No threat from package at Credit Suisse in New York

NEW YORK Wed Dec 14, 2011 2:50pm EST

1 of 4. Employees are evacuated from the Credit Suisse headquarters in New York December 14, 2011.

Credit: Reuters/Brendan McDermid

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NEW YORK (Reuters) - There is no threat from a suspicious package that arrived on Wednesday in the mail at the Credit Suisse headquarters in New York City that forced part of the building to be evacuated, police said.

"It appears to be a legitimate shipment," New York Police spokesman Paul Browne told Reuters, adding that it looked like the package contained camera equipment.

The incident came a week after an envelope containing explosives was sent to the head of Deutsche Bank, Josef Ackermann, in Frankfurt but it was intercepted before it reached him.

Credit Suisse said in a statement that it alerted police after it found two suspicious packages in its mailroom. Police said the company deemed the packages suspicious after a screening of them showed batteries and wires.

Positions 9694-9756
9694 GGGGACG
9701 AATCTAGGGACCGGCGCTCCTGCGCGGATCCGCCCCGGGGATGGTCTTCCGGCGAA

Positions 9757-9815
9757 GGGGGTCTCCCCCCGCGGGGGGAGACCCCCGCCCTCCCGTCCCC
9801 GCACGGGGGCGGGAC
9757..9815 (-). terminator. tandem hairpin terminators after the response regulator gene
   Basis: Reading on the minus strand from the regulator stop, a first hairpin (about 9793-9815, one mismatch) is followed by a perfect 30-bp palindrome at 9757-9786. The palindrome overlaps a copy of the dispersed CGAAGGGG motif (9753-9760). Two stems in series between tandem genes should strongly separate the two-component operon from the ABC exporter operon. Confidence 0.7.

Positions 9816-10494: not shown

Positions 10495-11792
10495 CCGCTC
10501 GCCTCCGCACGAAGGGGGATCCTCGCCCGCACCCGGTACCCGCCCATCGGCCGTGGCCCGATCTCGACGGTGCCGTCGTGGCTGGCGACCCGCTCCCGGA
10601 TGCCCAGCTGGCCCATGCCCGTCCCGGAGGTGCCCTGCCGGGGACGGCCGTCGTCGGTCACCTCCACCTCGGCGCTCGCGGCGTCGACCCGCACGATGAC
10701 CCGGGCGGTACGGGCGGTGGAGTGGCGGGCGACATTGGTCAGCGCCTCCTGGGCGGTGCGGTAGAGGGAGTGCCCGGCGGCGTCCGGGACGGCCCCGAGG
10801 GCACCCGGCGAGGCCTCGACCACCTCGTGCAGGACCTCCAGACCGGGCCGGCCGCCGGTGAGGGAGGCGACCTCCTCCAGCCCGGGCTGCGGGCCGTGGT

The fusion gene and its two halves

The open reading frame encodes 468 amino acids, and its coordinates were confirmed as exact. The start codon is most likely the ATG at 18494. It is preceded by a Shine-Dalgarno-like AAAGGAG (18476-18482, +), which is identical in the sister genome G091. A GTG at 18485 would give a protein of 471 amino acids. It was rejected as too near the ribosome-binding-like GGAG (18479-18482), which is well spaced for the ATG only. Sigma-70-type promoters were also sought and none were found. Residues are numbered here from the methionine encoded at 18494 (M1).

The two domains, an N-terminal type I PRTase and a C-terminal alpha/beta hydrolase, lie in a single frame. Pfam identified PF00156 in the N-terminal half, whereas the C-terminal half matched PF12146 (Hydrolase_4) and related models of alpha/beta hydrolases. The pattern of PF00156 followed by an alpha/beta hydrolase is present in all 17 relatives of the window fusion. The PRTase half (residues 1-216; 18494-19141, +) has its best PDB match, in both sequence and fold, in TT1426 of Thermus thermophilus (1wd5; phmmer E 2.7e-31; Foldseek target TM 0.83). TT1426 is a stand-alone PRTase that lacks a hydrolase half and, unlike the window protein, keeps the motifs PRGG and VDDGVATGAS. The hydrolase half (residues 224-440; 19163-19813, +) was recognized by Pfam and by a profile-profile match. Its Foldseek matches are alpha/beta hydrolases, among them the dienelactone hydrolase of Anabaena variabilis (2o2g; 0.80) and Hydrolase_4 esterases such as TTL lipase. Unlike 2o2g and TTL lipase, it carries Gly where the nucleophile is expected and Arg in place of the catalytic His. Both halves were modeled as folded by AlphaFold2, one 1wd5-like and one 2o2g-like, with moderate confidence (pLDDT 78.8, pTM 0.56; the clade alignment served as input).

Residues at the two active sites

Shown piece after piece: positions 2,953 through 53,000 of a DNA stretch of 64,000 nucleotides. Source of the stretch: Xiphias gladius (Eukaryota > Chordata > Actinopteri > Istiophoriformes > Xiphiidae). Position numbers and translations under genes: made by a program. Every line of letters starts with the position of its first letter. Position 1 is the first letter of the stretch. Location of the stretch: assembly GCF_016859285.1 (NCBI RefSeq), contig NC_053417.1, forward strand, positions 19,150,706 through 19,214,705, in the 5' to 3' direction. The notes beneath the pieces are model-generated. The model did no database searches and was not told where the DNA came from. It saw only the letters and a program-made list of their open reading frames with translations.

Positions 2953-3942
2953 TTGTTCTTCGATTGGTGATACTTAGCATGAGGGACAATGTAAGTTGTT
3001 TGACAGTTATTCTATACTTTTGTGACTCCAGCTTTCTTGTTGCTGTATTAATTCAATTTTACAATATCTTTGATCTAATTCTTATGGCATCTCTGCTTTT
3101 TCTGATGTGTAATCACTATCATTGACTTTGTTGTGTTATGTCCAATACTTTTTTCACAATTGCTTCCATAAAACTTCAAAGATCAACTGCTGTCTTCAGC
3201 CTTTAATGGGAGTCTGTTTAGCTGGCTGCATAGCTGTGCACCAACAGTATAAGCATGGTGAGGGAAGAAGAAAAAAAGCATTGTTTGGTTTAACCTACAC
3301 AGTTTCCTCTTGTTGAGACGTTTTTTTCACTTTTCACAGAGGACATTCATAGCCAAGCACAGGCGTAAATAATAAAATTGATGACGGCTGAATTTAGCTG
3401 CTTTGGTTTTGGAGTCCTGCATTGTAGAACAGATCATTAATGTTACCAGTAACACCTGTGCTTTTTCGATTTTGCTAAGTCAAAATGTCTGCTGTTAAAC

A United States official told Reuters last week that FBI agents in Germany were in touch with authorities there about the Deutsche Bank investigation, but that the FBI was not aware of any specific or related threat to New York.

An Italian anarchist group has claimed responsibility for sending the letter bomb to Ackermann and may have sent two more packages, German investigators have said.

A hidden, rolled-up letter written in Italian from the Federazione Anarchica Informale (the Informal Anarchist Group, or FAI) spoke of "three explosions against bankers, banks, fleas and bloodsuckers", the German investigators said.

The FAI previously claimed responsibility for a parcel bomb that injured two people in the offices of the Swiss nuclear lobby group in March, as well as for parcel bombs sent to the Swiss and Chilean embassies in Rome last year.

(Reporting by Michelle Nichols, Brendan McDermid and Mark Hosenball, editing by Philip Barbara)

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